California has been at the forefront of America’s climate fight since Governor Arnold Schwarzenegger signed the country’s first major climate law in 2006. The state’s suite of policies for decarbonizing the economy survived industry-funded attacks in court and at the ballot box, and remained largely consistent under Democratic and Republican governors.
But the state may not really be the climate leader it is perceived to be. Savage wildfires are releasing massive amounts of carbon stored in forests and erasing much of the state’s gains. A recent report by Next 10, an independent think tank, indicates the state will meet its 2030 goals 30 years late. That dents one of the country’s most positive and enduring carbon narratives.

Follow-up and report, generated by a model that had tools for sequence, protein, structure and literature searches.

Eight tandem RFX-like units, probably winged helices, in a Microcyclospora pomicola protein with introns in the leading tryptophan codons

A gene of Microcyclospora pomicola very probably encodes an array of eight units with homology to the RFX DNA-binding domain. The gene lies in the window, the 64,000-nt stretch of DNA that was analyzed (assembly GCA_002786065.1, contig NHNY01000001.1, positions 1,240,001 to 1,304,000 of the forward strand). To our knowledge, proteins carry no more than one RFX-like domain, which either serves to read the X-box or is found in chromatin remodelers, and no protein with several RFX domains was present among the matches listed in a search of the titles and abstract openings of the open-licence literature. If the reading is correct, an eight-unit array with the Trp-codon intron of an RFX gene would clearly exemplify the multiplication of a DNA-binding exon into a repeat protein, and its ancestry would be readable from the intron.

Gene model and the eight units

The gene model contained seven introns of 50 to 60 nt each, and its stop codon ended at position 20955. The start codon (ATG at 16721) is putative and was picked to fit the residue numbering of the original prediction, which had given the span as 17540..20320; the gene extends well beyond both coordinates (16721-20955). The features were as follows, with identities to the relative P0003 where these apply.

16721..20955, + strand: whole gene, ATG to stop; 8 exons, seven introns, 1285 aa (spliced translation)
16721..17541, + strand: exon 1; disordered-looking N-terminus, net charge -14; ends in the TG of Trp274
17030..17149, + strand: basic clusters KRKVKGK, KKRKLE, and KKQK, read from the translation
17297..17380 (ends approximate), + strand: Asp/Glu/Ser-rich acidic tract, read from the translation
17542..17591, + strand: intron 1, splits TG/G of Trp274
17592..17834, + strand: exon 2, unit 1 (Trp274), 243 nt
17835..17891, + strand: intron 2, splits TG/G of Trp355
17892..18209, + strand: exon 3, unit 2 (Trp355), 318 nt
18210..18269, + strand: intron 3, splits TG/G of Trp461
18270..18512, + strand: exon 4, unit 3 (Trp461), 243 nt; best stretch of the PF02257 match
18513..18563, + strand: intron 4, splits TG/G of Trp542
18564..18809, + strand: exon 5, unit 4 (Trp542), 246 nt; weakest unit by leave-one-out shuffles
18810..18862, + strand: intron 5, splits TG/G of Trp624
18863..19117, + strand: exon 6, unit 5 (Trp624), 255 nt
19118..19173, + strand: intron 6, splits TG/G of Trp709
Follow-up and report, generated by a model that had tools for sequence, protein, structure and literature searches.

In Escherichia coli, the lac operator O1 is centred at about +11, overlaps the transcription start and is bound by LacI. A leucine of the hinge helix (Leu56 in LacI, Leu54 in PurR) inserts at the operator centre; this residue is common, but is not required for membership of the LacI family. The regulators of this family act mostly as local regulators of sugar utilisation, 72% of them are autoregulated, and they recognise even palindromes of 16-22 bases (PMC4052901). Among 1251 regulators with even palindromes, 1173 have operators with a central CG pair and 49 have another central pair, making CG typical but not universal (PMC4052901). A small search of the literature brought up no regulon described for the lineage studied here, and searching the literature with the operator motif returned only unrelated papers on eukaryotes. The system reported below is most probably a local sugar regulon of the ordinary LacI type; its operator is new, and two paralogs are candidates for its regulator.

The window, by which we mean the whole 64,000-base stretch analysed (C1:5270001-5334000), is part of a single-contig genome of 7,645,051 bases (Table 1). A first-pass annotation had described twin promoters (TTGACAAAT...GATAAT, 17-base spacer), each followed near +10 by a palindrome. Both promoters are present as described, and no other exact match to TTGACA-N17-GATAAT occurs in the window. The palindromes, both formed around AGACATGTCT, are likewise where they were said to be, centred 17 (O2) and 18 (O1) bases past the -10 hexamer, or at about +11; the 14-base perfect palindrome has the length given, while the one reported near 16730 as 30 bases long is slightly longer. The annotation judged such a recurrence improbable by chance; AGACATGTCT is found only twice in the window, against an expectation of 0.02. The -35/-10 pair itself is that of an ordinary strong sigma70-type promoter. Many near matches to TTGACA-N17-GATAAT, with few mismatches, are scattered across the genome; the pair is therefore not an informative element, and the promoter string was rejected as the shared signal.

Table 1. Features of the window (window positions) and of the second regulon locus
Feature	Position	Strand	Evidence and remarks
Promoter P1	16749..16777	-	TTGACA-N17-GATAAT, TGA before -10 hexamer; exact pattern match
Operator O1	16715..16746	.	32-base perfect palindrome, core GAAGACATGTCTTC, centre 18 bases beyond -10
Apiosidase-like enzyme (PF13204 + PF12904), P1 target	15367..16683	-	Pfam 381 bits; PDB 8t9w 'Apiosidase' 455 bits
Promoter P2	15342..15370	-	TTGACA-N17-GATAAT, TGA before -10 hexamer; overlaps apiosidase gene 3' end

Is California really the climate leader it’s purported to be? A conversation with Rachel Becker, environmental reporter with CalMatters, Kate Gordon, climate advisor to Governor Newsom, and Noel Perry, founder of Next 10, on how California can reach its carbon goals as the federal government doubles down on fossil fuels.